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Participation of indigenous peoples

Another significant advantage of using the avenue of a soft law document instead of an international treaty is that ‘it normally allows for the more active participation of non-state actors’.55 It should be noted that this was the case with indigenous peoples, since they participated very actively in all stages of the process leading to the adoption of the UNDRIP.56 Since the creation of the UN Working Group on Indigenous Populations (WGIP) in 1982 by what was then the SubCommission on Prevention of Discrimination and Protection of Minorities (the Sub-Commission),57 and the decision in 1985 to adopt a draft Declaration on the rights of indigenous peoples, followed by the creation of the Working Group on the Draft Declaration (WGDD) in 1995, the meaningful participation of the global indigenous movement has become one of the key features of the lengthy process of negotiation and adoption of the UNDRIP.58

At the time of the creation of the WGIP, a body composed of five independent experts, only NGOs with consultative status before the UN Economic and Social Council (ECOSOC) could participate as observers in the meetings of the working groups created by the Sub-Commission. This was an obstacle for indigenous organizations wanting to participate in the WGIP, since almost no indigenous organization had consultative status before the ECOSOC at that time. The first chairperson of the WGIP, Asbjorn Eide, took a decision that was to have significant consequences for the process of institutionalizing indigenous participation at the UN bodies dealing with indigenous issues. He opened up the working group to indigenous representatives, thus effecting a dramatic change in the tradition of participation of NGOs in working groups. Although this decision met with some objections, he received strong support from Theo Van Boven, Director of the UN Human Rights Center. As Eide has lucidly explained,

to fulfil the mandate of reviewing developments concerning indigenous populations and to work towards developing the corresponding standards, there was a need to have the best possible experts present, and the best experts were the indigenous representatives themselves.59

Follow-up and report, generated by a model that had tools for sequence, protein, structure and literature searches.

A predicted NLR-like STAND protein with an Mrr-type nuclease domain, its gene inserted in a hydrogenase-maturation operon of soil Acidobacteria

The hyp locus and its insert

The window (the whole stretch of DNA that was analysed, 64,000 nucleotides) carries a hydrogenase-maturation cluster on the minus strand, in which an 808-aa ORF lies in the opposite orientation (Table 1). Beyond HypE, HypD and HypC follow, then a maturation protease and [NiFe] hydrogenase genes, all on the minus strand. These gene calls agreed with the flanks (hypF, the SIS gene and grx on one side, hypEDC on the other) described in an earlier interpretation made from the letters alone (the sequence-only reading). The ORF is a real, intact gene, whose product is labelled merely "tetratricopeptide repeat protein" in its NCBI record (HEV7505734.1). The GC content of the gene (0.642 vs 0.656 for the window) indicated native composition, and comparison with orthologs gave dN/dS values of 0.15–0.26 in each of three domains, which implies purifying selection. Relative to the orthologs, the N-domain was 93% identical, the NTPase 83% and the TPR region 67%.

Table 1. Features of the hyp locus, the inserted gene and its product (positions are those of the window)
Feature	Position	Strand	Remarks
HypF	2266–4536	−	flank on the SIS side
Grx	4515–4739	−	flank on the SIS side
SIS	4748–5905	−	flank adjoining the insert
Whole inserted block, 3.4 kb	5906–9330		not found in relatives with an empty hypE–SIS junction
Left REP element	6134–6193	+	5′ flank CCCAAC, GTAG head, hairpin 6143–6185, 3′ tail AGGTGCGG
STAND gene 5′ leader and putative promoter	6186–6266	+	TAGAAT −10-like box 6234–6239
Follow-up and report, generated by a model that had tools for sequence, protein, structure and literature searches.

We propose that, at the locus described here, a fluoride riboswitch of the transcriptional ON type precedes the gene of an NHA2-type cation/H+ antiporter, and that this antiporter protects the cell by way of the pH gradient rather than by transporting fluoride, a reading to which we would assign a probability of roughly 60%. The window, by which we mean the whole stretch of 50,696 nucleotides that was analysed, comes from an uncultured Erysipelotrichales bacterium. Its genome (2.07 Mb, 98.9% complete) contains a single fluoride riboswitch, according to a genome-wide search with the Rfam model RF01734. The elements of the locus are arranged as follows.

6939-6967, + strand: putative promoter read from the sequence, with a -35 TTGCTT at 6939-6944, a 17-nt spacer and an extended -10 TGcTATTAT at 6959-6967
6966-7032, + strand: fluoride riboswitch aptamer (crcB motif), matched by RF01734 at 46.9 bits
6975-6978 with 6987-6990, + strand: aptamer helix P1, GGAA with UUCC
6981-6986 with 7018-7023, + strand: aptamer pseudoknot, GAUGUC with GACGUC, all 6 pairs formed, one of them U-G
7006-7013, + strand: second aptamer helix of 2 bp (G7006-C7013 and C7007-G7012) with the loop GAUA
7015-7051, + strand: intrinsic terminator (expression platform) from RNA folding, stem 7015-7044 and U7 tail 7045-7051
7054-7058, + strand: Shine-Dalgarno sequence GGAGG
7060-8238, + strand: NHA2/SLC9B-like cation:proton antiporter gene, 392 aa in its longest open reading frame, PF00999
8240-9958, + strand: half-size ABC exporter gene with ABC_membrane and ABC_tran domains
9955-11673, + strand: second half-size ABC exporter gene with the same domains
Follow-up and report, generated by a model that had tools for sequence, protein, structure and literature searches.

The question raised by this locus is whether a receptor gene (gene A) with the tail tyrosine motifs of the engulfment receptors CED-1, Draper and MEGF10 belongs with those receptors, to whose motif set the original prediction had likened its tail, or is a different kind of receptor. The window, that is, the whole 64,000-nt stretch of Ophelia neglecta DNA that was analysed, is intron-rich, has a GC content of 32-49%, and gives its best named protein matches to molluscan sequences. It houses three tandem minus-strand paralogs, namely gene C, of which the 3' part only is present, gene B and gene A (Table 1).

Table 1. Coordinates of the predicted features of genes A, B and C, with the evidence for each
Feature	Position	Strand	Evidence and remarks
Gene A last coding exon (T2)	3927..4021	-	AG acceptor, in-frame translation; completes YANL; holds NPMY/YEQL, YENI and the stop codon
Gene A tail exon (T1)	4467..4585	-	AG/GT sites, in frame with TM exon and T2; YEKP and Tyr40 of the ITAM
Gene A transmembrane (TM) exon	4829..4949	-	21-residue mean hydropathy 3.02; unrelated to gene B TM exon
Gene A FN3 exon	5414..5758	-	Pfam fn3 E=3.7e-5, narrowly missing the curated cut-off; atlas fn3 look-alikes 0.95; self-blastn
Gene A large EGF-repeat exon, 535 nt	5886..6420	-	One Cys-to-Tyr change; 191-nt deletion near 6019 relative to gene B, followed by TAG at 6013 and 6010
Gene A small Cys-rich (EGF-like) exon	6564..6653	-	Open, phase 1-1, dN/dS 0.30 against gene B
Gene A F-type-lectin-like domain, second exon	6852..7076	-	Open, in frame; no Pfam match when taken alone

The same dilemma was faced by the WGDD when it was created in 1995 by the then UN Commission on Human Rights (CHR)[1] [2] [3] [4] [5] [6] aimed at adopting a draft Declaration on the rights of indigenous peoples. Indigenous peoples’ representatives were concerned about the strict rules on NGO participation established by the CHR, and lobbied extensively to gain similar spaces for participation to those existing within the WGIP. While not meeting the degree of openness that characterized the WGIP, indigenous organizations also had the chance to participate significantly throughout the negotiation process. In Rhiannon Morgan’s view, ‘during the drafting of the UNDRIP, indigenous representatives succeeded in pressing for unprecedented levels of inclusiveness and participation, allowing not only for the extensive input of indigenous perspectives as to the content of their rights but also some degree of control over decision-making processes’.[7] [8] [9] [10] [11] [12] The truth is that indigenous peoples’ representatives and organizations benefited immensely from this democratic culture of openness, and since then have occupied an increasing number of spaces within UN bodies dealing with indigenous issues. The increasing participation of civil society movements and other transnational actors in the ‘statecentric system of international law has itself been part of the democratisation trend’ of contemporary international law-making.62